Retail Traffic Index figures confirm footfall was up year-on-year during Christmas week and in the post-Christmas sales period.
The figures released by Synovate Retail Performance confirm the number of non-food shopping trips made in the UK from December 21st to 27th was up on 2007 by 3.2 per cent. This represents the first increase on 2007 in nine weeks (since w/c October 26th).
The best of the regions was Scotland and Northern Ireland, where retail traffic was up 4.9 per cent on the same week in 2007.
The last minute Christmas surge that began on Friday December 19th carried through to Christmas Eve, when retail footfall was 0.3 per cent higher than last year.
Newly released data for the period after Christmas shows the day after Boxing Day, (Saturday the 27th) turned out to be the busiest shopping day of the year, with retail footfall levels up 3.6 per cent on the previous week.
The day’s footfall was also up by 3.5 per cent on December 22nd, which until then had been 2008’s busiest day in the shops all year, as recorded by Synovate. It was, however, slightly quieter than last year (down by 1.8 per cent), but this was partly reflective of more retailers beginning their sales earlier this year.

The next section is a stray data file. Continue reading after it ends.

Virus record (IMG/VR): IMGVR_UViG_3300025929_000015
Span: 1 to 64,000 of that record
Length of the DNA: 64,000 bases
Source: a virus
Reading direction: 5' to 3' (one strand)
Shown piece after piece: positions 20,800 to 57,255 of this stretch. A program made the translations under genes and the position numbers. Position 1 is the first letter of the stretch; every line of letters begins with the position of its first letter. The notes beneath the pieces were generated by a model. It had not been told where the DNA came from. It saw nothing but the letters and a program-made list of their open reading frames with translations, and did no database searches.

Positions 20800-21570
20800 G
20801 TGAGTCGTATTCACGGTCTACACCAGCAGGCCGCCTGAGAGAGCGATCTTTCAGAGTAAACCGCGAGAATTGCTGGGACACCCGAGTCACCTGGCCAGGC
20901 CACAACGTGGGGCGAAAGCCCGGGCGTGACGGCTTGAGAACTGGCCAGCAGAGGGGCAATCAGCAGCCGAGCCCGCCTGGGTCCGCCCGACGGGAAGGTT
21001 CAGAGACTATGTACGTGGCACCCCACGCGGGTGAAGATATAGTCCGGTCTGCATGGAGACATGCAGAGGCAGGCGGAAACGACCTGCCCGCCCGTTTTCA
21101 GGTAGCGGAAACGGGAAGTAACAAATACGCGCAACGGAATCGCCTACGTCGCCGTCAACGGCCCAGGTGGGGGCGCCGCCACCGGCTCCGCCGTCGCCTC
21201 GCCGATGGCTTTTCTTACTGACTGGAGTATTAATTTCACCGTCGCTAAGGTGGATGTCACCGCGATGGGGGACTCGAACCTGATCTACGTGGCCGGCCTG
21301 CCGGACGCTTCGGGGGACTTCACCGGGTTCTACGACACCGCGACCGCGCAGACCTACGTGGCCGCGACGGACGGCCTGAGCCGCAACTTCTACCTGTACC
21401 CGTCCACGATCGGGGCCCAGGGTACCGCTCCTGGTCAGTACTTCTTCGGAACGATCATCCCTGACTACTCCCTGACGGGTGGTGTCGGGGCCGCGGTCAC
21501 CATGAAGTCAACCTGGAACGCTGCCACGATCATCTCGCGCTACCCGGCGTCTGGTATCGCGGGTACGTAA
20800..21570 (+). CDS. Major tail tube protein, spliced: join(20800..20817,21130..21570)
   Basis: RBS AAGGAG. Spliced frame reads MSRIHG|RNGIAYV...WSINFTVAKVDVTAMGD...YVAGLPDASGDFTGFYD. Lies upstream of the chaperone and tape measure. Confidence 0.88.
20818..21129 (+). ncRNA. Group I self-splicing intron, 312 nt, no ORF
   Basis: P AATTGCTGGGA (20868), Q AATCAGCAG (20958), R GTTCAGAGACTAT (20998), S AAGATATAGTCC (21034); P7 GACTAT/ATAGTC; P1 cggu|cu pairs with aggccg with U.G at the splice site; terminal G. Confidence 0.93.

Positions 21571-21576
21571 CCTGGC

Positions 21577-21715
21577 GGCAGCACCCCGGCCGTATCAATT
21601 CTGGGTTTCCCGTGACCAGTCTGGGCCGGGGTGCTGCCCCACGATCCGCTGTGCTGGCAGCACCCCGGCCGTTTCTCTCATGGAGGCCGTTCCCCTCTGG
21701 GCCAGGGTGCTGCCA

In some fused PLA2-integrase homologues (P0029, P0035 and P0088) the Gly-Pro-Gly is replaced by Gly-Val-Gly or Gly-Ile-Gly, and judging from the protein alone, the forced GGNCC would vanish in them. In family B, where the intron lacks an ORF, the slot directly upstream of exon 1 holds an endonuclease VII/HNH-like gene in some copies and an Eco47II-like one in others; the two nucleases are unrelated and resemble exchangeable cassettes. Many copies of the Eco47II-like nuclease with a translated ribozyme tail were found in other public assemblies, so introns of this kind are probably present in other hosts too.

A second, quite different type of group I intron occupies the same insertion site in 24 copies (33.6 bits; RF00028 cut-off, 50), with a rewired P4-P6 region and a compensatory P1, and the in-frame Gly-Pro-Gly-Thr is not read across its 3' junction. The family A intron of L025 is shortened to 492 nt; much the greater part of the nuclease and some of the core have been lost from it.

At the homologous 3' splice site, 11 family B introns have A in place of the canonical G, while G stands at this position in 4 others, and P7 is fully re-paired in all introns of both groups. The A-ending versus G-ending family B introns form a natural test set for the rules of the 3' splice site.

Synovate retail psychologist Dr Tim Denison explained, “After an extremely lacklustre mid-month period, Christmas week finally produced the last minute rush of shoppers that retailers had hoped for, but not all had expected.
“It was the final six days before Christmas, when shopper numbers were overall 2.2 per cent higher than last year, which made all the difference.
Denison continued: “Retailers will be hoping that the busy start to their post-Christmas sales continues at a pace through the current week, but I think it will be conditional both on the quality of merchandise on sale and the level of discounting. Shoppers are by now very conscious of the economic downturn and its likely impact on them personally.“